Because this is Memorial Day, I thought I would post a recommendation for some fun reading, along with a few stray comments of my own. (Because many people will spend this holiday at Coney Island, I titled this message with an obscure reference to an attraction at that famous tourist destination.)
The book Freakonomics became something of a phenomenon back in 2005. The book itself was a huge bestseller, the authors (Steve Levitt and Stephen Dubner) started to write a semi-regular column in the NYT Sunday Magazine, and of course a Freakonomics Blog was obligatory. A sequel, Super-Freakonomics, is reportedly on the way.
I was among those taken in, writing a positive review of the book (along with the book Blink -- which I still believe is very good) on FindLaw. Although I noted some overstatements in Freakonomics, particularly in its claims that Levitt's insights somehow derived uniquely from "the economic method of thinking," or some such pomposity, a fair reader would reasonably have called the review a rave.
Almost immediately after writing that review, though, I started to reconsider. In part, it was the follow-up pieces in the NYT Magazine, which seemed forced and unpersuasive. (One, discussing child safety seats -- with Levitt assuring people that the data did not support the wisdom of child safety seat laws -- turned out to have been based on a review of only a small fraction of the relevant safety data. Oops! Who cares if parents went away believing something unsupported by the data?! The article was a pleasure to read, wasn't it?)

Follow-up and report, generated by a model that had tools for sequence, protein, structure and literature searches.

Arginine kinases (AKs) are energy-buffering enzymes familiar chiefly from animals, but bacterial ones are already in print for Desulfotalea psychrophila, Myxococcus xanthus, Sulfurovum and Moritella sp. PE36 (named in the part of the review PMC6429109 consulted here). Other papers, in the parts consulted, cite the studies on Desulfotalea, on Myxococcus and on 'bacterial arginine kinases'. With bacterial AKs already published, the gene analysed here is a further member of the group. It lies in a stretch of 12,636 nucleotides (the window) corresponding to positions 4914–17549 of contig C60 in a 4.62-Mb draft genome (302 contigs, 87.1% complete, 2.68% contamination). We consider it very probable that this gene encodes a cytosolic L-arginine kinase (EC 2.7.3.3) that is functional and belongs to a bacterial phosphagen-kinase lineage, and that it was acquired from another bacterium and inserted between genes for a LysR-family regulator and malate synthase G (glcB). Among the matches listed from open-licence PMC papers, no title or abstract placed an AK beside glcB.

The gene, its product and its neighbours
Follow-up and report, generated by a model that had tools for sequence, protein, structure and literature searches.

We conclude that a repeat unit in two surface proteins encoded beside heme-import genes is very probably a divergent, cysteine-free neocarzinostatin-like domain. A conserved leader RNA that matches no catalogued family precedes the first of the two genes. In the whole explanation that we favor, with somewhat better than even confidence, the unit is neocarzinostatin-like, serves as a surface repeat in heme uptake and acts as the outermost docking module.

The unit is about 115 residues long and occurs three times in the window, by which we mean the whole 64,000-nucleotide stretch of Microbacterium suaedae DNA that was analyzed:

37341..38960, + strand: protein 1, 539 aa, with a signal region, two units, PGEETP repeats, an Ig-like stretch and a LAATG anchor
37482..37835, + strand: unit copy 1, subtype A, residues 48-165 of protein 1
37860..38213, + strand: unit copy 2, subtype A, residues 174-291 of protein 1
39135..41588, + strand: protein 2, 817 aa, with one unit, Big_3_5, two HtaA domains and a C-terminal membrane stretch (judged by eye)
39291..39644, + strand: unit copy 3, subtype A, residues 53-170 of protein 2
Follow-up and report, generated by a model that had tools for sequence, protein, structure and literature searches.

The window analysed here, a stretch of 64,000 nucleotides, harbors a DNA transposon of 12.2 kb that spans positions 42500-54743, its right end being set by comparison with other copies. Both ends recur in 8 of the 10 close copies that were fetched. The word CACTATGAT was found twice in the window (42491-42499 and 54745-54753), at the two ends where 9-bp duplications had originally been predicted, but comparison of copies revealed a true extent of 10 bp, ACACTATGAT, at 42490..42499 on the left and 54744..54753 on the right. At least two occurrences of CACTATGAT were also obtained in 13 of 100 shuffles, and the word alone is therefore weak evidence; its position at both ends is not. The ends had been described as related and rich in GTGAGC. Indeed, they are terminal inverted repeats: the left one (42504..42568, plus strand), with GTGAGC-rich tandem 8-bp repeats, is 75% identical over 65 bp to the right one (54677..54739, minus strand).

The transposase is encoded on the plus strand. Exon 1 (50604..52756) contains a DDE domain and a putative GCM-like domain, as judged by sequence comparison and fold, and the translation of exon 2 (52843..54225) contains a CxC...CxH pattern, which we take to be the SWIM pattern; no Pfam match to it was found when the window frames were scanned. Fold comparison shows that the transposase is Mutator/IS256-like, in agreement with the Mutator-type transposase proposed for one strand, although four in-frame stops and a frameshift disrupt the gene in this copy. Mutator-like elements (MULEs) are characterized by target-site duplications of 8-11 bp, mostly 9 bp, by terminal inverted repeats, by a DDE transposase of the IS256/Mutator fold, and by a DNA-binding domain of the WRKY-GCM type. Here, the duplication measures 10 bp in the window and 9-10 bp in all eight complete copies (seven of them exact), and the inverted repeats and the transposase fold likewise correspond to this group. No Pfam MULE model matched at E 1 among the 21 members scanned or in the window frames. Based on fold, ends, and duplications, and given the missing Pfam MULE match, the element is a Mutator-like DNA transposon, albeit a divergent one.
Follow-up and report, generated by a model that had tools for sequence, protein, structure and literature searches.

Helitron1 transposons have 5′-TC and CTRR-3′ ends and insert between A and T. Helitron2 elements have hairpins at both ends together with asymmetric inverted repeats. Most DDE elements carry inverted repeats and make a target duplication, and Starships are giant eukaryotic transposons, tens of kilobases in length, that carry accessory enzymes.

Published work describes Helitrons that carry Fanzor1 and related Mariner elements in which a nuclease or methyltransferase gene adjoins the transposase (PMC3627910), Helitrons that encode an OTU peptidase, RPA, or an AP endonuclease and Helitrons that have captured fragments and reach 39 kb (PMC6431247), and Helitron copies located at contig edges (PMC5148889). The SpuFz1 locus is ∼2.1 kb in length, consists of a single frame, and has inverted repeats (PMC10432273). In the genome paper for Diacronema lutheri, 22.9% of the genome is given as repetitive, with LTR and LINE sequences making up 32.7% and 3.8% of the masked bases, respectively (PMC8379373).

I began to suspect that there was exactly one book's worth of interesting material of this sort, and Levitt had already jumped the shark by pushing it further. Mostly, though, I realized that I had been taken in by a breezy style and Levitt's self-assured tone. Yes, data analysis is interesting and important; but Levitt didn't invent it, re-invent it, or even do much useful with it.
I recently came across a much more acerbic review of Freakonomics by the economist Ariel Rubenstein, "Freak-Freakonomics," which was published in December of last year. (The link requires a free sign-on to an interesting on-line magazine called The Economists' Voice.) Suffice it to say that I agree with Rubinstein's review more than my own. In five short pages, Rubinstein sketches the outline of his not-forthcoming book, Freak-Freakonomics. Here is a sample:
"Freakonomics lashes out at the entire world from the Olympus of economics. My response is an outline of 'my new book'—Freak- Freakonomics. In my ('brilliant . . . ') book, I will borrow from the structure and text of Freakonomics. I will show that if one also looks upon economists, including Levitt, as economic agents, one can use the insights of Freakonomics to lash out against . . . economics and economists."
Also this, from (the nonexistent) Chapter 2 ("Why Do Economists Earn More than Mathematicians?"):
"The chapter is inspired by Freakonomics’ discussion of the question of why 'the typical prostitute earns more than the typical architect.' [J]ust as Levitt has never encountered a girl who dreams of being a prostitute, I have never met a child who dreams of being an economist. ... I offer a new explanation for the salary gap between mathematicians and economists: many economists are hired to justify a viewpoint. In contrast, I have never heard of mathematicians who proved a theorem to satisfy their masters."